Yogurt is a widely enjoyed dairy product that is essentially an altered form of milk containing waste products from fermentation. The lactic acid that is produced from the fermentation of lactose contributes to the sour taste of yogurt by decreasing pH and allows for the characteristic texture by acting on the milk proteins (Zourari, Accolas, & Desmazeaud, 1992). Yogurt has been continually studied for its health benefits, particularly from the addition of probiotics. Current research has been investigating how to improve yogurt both in terms of its potential as a healthy food and as an appetizing product that appeals to the general population.
The role of lactic acid bacteria (BAL) are widely applied in various fields, including agriculture, especially the field of food.
In the manufacture of this paper describes the role of lactic acid bacteria (BAL) on the processing of fermented foods. The scope limitations discussed issues such as species of lactic acid bacteria and fermented food sector lactic acid bacteria, refined products fermented by lactic acid bacteria and the role and the positive impact generated by the fermentation by lactic acid bacteria such.
We could describe cow milk yoghurt production as a dairy product produced by bacterial fermentation of milk. The bacteria used to make yogurt are known as “yogurt cultures”. Fermentation of lactose by these bacteria produces lactic acid, which acts on milk protein to give yogurt its texture and its characteristic tang.
Worldwide, cow’s milk is most commonly used to make yogurt, but milk from water buffalo, goats, sheep, horses, camels, and yaks is also used in various parts of the world.
Dairy yogurt is produced using a culture of Lactobacillus delbrueckii subsp. bulgaricus and Streptococcus salivarius subsp. thermopiles bacteria. In addition, other lactobacilli and bifidobacteria are also sometimes added during or after culturing yogurt.
The milk is first heated to about 80 °C (176 °F) to kill any undesirable bacteria and to denature the milk proteins so that they set together rather than form curds. The milk is then cooled to about 45 °C (112 °F).The bacteria culture is added, and the temperature is maintained for 4 to 7 hours to allow fermentation.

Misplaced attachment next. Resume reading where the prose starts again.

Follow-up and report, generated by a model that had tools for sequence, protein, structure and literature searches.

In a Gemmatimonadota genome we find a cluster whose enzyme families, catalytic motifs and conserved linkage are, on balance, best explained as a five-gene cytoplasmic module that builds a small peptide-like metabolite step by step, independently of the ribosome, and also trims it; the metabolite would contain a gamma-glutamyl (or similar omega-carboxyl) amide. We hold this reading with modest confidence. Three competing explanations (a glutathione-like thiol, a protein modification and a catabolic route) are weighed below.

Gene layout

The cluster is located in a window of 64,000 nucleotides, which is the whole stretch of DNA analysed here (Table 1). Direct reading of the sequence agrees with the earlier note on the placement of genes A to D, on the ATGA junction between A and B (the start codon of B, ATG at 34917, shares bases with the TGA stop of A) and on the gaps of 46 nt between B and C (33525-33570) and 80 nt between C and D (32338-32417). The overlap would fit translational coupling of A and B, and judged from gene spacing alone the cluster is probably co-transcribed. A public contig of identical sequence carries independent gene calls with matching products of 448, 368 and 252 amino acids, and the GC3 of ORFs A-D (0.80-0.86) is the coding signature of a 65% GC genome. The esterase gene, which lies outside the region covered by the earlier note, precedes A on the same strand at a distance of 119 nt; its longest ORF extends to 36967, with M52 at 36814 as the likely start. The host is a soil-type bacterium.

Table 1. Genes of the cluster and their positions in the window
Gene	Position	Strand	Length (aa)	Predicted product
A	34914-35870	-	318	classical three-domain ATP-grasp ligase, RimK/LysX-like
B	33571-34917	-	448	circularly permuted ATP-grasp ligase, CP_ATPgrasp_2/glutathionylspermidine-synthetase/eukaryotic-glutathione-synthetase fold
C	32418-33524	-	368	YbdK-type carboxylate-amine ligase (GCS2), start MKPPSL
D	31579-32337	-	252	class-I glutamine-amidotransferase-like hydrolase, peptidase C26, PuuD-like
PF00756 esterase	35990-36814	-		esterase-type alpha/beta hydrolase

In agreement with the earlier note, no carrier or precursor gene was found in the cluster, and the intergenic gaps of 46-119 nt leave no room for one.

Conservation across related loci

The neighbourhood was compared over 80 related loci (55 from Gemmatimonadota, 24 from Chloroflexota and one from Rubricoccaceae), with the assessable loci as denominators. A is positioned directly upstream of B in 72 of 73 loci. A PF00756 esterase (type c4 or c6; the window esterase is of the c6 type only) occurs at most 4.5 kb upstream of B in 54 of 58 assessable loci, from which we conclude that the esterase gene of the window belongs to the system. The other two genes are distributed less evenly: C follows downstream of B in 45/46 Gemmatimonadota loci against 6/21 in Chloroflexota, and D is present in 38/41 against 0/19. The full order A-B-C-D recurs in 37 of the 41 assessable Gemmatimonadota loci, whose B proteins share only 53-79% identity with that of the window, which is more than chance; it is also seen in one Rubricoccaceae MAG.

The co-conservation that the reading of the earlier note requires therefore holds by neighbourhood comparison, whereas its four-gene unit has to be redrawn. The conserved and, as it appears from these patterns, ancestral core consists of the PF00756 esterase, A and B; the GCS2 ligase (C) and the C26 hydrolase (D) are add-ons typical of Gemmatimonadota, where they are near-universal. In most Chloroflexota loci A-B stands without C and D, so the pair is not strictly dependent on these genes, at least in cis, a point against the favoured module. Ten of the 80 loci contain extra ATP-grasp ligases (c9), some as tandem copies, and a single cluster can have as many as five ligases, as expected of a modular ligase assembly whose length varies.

The lactic acid bacteria (LAB) comprise a clade of Gram-positive, low-GC, acid-tolerant, generally non-sporulating, non-respiring rod or cocci that are associated by their common metabolic and physiological characteristics. These bacteria, usually found in decomposing plants and lactic products, produce lactic acid as the major metabolic end-product of carbohydrate fermentation. This trait has, throughout history, linked LAB with food fermentations, as acidification inhibits the growth of spoilage agents. Proteinaceous bacteriocins are produced by several LAB strains and provide an additional hurdle for spoilage and pathogenic microorganisms. Furthermore, lactic acid and other metabolic products contribute to the organoleptic and textural profile of a food item. The industrial importance of the LAB is further evinced by their generally recognized as safe (GRAS) status, due to their ubiquitous appearance in food and their contribution to the healthy microflora of human mucosal surfaces. The genera that comprise the LAB are at its core Lactobacillus, Leuconostoc, Pediococcus, Lactococcus, and Streptococcus as well as the more peripheral Aerococcus, Carnobacterium, Enterococcus, Oenococcus, Sporolactobacillus, Tetragenococcus, Vagococcus, and Weisella; these belong to the order Lactobacillales.

The lactic acid bacteria (LAB) are rod-shaped bacilli or cocci characterized by an increased tolerance to a lower Ph range. This aspect partially enables LAB to outcompete other bacteria in a natural fermentation, as they can withstand the increased acidity from organic acid production (e.g., lactic acid). Laboratory media used for LAB typically include a carbohydrate source, as most species are incapable of respiration. LAB are catalase negative. LAB are amongst the most important groups of microorganisms used in the food industry.
Lactic Acid Bacteria. The term lactic acid bacteria (BAL) originally intended only for the group of bacteria that cause acidity in the milk (milk-souring organisms). BAL is generally defined as a group of gram-positive bacteria, does not produce spores, round or rod that produces lactic acid as the main metabolic end product during fermentation of carbohydrates. BAL grouped into several genera such as Streptococcus (including Lactococcus), Leuconostoc, Pediococcus Lactobacillus.
Identification of lactic acid bacteria based on morphology, physiology and biochemical properties of bacteria. Identification method according to Holzapfel and Schillinger (1992 in Widodo 2003), which states that the genus Streptococcus has characteristics that is, the final pH in MRS medium <4.6, negative catalase test, colony-shaped cocci, coccus-shaped tetrad is not, and did not grow at temperatures 100C.
Lactic acid bacteria (BAL) in the physiology of bacteria classified as Gram positive, rod shape or not kokkus berspora with lactic acid as the main product of carbohydrate fermentation. Traditionally, BAL is comprised of four genera Lactobacillus, Leuconostoc, Pediococcus and Streptococcus. For example the genus Streptococcus have been reorganized into Enterococcus, Lactococcus, Streptococcus and Vagococcus (Yang, 2000).